BMC Racing have decided to pull the plug on their development team. In a statement team said a causal factor was their development of riders who only go and sign for other teams.
“Unlike prior years, the athletes today are for the most part being managed by rider agents. These rider agents then propose these athletes to other teams who may or may not invest in such a program. In essence, we are now developing athletes at a cost for both our team and other teams… …The UCI offers no protection to development teams and no regulations exist that protect their investment or the transfer of riders from team to team.”
That’s the quote attributed to Jim Ochowicz in the BMC press release. Over at this blog there are two ways to see this…
First let’s understand Ochowicz’s position, that his team is spending good money on developing riders only to see them sign for another team. This means all the costs fall on BMC only for the big gains to be enjoyed by a rival team. To illustrate this, look at the case of Pavel Sivakov (pictured in yellow), the Russian rider who has lived in France all his life and who has won the Ronde de l’Isard, the U23 Giro and the Giro della Valle d’Aosta, three of the four most important and difficult amateur stage races along with the Tour de l’Avenir. Sivakov has been part of BMC’s development program but the talk is he has signed for Team Sky. In light of this closing the development team seems rational, why assume all the development costs only for others to get the benefits? It’s like planting crops only to see another farmer come and take the harvest.
Second, the alternative is that U23 riders are not livestock purchased by the development team, the feeder squad and its parent pro team have no hold over the U23 rider, no more than an office intern must spend the next two years working at the same firm on graduation. If another employer is able to offer better terms then it’s a basic right to be able to go elsewhere. Also if there are costs, the time spent on development brings particular benefits to the development team. For example they’ve gained invaluable insight into their U23 riders, not just their training data and other metrics but also they’ll know their character, values and more. So the development team, and its parent team in the World Tour, knows more than anyone else just how much the rider is worth.
These are two views, both seem reasonable and there are more points to take. But whatever your take one thing everyone can agree on is that development matters. Currently cycling’s amateur U23 scene is a very mixed area to put it mildly with semi-pro teams for some and village clubs for others and a mixed calendar where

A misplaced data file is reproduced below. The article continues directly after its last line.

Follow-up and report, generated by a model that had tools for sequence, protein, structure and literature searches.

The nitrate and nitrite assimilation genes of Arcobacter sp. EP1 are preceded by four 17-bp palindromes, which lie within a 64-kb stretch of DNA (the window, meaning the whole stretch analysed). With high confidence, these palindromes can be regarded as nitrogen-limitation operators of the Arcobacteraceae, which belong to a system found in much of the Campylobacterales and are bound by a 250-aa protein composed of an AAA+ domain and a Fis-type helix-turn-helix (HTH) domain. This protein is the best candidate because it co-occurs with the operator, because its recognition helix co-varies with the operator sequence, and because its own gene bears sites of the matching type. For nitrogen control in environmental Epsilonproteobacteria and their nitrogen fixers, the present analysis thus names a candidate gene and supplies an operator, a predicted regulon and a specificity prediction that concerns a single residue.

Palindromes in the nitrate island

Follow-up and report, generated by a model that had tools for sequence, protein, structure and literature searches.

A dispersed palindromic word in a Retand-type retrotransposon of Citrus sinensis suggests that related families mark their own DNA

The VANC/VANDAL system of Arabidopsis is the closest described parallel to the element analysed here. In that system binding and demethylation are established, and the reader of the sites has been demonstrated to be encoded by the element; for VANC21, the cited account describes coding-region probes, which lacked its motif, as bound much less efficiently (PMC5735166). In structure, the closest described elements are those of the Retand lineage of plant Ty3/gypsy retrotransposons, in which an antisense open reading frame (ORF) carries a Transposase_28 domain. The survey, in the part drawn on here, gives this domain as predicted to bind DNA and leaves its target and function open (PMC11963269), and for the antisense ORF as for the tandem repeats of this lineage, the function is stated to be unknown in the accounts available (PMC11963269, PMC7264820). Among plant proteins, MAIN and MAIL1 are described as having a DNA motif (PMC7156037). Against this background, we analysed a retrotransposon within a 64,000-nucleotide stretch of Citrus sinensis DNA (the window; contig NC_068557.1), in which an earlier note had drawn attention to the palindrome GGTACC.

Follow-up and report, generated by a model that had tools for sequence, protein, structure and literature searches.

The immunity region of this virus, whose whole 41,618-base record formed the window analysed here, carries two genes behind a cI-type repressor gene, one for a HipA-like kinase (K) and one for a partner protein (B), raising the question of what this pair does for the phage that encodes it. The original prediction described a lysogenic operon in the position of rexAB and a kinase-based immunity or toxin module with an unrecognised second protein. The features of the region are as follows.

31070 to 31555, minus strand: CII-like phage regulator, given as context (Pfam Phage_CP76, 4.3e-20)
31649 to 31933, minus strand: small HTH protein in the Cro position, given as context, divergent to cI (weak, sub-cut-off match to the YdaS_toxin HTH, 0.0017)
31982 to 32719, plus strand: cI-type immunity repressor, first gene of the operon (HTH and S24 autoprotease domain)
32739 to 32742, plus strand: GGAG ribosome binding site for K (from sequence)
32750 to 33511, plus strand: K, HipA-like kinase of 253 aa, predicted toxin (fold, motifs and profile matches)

Pro teams can lament the lack of UCI rules in this area but this hasn’t stopped them from running these teams over the years within these rules… and poaching from other teams. Ochowicz himself hired Taylor Phinney on a substantial six figure salary out of Trek-Livestrong’s development programme; Laurens De Plus rode for Lotto-Soudal’s U23 programme but turned pro with arch rivals Quick Step in 2016; and Florian Sénéchal was supposed to do another year with Quick Step’s development team but jumped at the chance to turn pro with Cofidis, this didn’t seem to burn any bridges though as he’s signing with the Belgian team for 2018.
Development teams do incur significant costs (training camps, fuel, vehicles and often, but not always, a modest salary) but if a rider turns pro they get nothing back. In other sports it’s different, for example FIFA has a formula designed to repay training costs incurred by clubs should a player go on to bigger things but this is based on transfer fees when players are traded, something that is exceptional in cycling rather than the norm. Cycling could do something similar though upon signature of a neo-pro contract. But it’s working out how and how much that is the hard part, for example how much is an U23 team responsible for discovering talent and developing it, how much value are they adding? Make the payment high and you set up all sort of incentives in the U23 ranks that can have bad effects, the sporting equivalent of cows being fattened for market as young riders are primed for the pro ranks or rather primed for the signature of a neo-pro contract only to burn out or worse soon after thanks to a pushy amateur team desperate to get that contract fee. Similarly make a neo-pro more expensive still and maybe some teams just recruit existing pros instead? Where this can work is the idea that a good development squad has added something and that a neo-pro fee back to the development club is worth it because of the quality they’re recruiting, they know they’re getting a year’s worth of power data files, someone who has spent a season learning team work and tactics and more.